by Aryeh Cohen [➚] · Monday, July 15th, 2013 · Edit
crossposted from Justice in the City
Yesterday, in the Jewish tradition, was the “Sabbath of vision.” It is named after Isaiah’s bleak vision described in Chapter One of his eponymous Scripture. Isaiah, speaking, no, screaming at those who would sacrifice at the Temple in Jerusalem declares in the name of God: I am tired of your sacrifices, I am sated already with the fatted calves that you offer, your offerings are now abominations to me. I no longer wish for you to celebrate festival days and Sabbaths. When you reach out to me, when you raise your voices in prayer, says God, I will ignore you, I will turn a blind eye. Why? First you must “Learn to do well; demand justice, relieve the oppressed, defend the fatherless, plead for the widow.”
Finally, Isaiah turns to the city of Jerusalem and wails: “O! How the city full of justice, where righteousness dwelt, now dwell murderers!” It was not a true question, of course, it was the strangled scream of a prophet pointing to the everyday injustices, which led to the larger injustices, all hidden behind a veil of righteousness, of holy celebrations and fatted calves upon the altar and the smell of spices in the Temple.
As Sabbath finished and I performed the ceremony of differentiation with wine and candle and spices with my family, I turned on my computer to news of the acquittal in the George Zimmerman case. How do we answer Isaiah’s lament? What were the steps that led from there to here? From the quotidian racial injustices to the loosening of gun laws to the ignoring of the history of racial discrimination.
We cannot make believe that we do not know how murderers came to dwell in our midst and how murders came to be accepted as normal. We cannot make believe that young black men grow up with the same chance of making it to adulthood, to college, to a life which was not interrupted by a bullet or incarceration as young white men. When we turn to face Isaiah we cannot answer that we did not know that over 6000 people were killed by guns in the past six months and that most of them were black or brown. When we try to answer Isaiah’s accusation we cannot say that we did not know that loosening of gun laws, that creating laws which escalate violent situations would lead to more deaths.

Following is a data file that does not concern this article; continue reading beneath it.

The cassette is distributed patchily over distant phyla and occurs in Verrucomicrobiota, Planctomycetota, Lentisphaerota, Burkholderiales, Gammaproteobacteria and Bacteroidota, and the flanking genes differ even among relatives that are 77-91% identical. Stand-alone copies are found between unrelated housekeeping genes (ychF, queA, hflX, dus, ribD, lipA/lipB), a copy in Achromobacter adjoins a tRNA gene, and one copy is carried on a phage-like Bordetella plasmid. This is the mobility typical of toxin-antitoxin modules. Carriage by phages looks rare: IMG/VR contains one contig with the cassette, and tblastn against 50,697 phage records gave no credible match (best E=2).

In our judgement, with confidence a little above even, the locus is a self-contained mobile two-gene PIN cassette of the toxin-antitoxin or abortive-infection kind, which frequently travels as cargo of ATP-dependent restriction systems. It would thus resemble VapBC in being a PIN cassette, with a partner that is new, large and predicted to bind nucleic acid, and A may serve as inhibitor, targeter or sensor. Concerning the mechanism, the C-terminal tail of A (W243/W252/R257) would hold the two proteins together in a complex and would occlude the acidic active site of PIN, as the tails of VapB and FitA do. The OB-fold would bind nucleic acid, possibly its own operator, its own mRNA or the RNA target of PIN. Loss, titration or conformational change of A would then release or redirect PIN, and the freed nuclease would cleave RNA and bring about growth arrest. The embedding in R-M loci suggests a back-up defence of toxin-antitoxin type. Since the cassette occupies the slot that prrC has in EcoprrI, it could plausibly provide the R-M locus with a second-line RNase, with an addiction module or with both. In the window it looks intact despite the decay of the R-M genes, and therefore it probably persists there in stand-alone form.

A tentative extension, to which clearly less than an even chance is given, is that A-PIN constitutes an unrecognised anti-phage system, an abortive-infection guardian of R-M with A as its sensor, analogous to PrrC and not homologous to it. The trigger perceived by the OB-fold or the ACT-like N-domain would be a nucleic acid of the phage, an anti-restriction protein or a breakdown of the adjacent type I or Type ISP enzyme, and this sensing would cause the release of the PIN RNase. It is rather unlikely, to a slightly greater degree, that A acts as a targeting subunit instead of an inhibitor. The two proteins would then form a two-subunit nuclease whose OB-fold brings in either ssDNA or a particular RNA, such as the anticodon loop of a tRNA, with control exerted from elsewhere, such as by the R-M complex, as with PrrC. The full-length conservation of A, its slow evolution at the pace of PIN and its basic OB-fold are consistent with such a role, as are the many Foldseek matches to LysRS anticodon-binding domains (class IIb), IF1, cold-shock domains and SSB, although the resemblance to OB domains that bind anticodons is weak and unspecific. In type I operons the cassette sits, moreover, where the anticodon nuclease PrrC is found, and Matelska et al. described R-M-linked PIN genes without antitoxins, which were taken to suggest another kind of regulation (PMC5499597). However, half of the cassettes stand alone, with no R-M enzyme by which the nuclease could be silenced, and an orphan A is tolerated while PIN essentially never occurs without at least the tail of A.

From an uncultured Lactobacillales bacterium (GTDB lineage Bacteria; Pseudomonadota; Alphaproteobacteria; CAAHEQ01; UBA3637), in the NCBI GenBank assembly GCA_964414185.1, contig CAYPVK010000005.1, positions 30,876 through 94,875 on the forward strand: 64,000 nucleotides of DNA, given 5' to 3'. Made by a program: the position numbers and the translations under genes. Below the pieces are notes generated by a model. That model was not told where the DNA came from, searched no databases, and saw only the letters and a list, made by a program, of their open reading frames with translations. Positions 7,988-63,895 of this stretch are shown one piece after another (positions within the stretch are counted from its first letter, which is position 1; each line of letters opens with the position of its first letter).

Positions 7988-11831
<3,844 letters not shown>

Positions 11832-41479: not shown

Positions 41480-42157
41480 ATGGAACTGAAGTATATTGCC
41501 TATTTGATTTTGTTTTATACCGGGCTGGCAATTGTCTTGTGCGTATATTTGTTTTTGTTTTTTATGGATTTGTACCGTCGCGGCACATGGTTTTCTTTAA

On another day we need to spend time thinking of Isaiah’s solution: “Zion will be redeemed in justice, and her penitents with rightousness.” For now we must grieve for Trayvon Martin and all the young black men who will not reach adulthood because of a bullet. We must rage against a legislative system which supports and promotes the death-industrial complex of gun manufacturers and the NRA gun lobbyists.
We must all come together and say finally enough.
This is a guest post by Becky Havivi, a Brooklyn-based community-builder and activist. This is not written on behalf of or in the name of If Not Now.
On the Friday night before Tisha B’Av, traditionally the saddest day in the Jewish calendar, 300 American Jews joined together in Washington Square Park to mourn the deaths of over 1500 Palestinians and Israelis in the most recent armed conflict in the region. This was the fourth public event over a period of two weeks organized by If Not Now, a new movement that emerged in response to the latest crisis in Israel/Palestine, the sense of urgency growing as violence escalated, and the sense of disconnection from what mainstream Jewish institutions were expressing.